Publishing this January: Crack Climbing
- Friday 3 January 2020
While there might not be many experts in Pete Whittaker's line of work, if the number of pre-orders we've received for his guide to crack climbing is anything to go by, climbing cracks is about to become exponentially popular. As one of the world's top crack climbers, having made dozens of pioneering first ascents, including Century Crack in Canyonlands, Utah, Pete wrote the book so that the growing community of climbers wanting to learn more about the techniques involved have access to his wealth of knowledge.
Crack Climbing is written for those with an existing understanding of climbing performance, starting from the basics such as the hand jam to advanced techniques including the sidewinder and the trout tickler.
The free download below covers Pete's top five rules of crack climbing:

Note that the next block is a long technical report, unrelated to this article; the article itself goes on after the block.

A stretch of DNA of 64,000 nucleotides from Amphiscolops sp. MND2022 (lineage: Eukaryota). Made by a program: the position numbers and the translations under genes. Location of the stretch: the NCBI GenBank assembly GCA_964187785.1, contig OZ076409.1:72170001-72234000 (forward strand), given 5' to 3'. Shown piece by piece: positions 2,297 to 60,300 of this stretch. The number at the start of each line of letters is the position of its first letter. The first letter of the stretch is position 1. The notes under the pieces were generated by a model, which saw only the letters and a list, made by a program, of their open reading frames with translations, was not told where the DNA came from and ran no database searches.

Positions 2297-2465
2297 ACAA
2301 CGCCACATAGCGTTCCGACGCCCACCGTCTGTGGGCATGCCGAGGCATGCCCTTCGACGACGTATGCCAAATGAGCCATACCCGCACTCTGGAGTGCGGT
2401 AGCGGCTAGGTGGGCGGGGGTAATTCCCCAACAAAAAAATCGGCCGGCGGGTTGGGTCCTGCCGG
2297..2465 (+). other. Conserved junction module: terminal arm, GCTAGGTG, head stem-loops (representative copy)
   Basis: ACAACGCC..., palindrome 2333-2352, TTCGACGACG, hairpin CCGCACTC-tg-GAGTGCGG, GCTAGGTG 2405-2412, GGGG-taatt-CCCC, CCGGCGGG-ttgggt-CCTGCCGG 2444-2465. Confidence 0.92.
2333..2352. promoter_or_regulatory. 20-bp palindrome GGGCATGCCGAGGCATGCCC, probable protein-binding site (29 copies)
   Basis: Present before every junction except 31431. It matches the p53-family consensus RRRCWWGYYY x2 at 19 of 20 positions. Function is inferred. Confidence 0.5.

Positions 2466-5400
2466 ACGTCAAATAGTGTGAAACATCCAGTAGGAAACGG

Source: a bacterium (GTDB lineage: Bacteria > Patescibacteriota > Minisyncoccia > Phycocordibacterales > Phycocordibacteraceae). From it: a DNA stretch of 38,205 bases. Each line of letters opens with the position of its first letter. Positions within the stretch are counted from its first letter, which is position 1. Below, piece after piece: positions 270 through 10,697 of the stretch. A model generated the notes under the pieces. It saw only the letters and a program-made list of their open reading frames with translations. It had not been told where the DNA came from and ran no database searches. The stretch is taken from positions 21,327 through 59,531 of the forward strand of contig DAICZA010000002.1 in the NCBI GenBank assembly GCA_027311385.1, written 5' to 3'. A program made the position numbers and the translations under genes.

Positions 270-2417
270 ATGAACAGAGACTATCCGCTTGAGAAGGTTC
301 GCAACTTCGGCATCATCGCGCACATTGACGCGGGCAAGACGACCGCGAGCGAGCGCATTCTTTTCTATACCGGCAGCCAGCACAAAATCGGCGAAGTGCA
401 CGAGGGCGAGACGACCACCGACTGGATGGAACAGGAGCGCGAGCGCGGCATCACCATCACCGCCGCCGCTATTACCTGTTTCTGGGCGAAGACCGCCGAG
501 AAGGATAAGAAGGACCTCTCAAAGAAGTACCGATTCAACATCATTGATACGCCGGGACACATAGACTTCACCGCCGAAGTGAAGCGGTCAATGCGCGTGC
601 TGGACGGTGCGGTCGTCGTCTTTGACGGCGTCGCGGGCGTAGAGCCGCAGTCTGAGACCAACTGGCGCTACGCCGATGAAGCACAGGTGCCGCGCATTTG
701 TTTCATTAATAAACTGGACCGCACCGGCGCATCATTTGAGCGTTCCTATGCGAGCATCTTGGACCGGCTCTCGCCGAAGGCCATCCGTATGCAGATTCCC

1. Fill the space efficiently: insert as much of the body part into the crack before executing the jam.
2. Your body is a jamming device: your body has lots of different sizes and shapes and ways of moving and expanding. Use these body ‘tools’ to jam, twist, rotate and expand to make the jam stick.
3. Keep everything in line with the crack: imagine climbing a crack like you would climb a ladder.
4. Structure not strength: you should be hanging from joints, ligaments and bone. You should lock your body into the rock, not hold your body on to the rock.
5. More contact equals a better jam: by using the profile of the rock and your body, in unison, you will maximise contact area with the rock, and have more friction and therefore a better jam.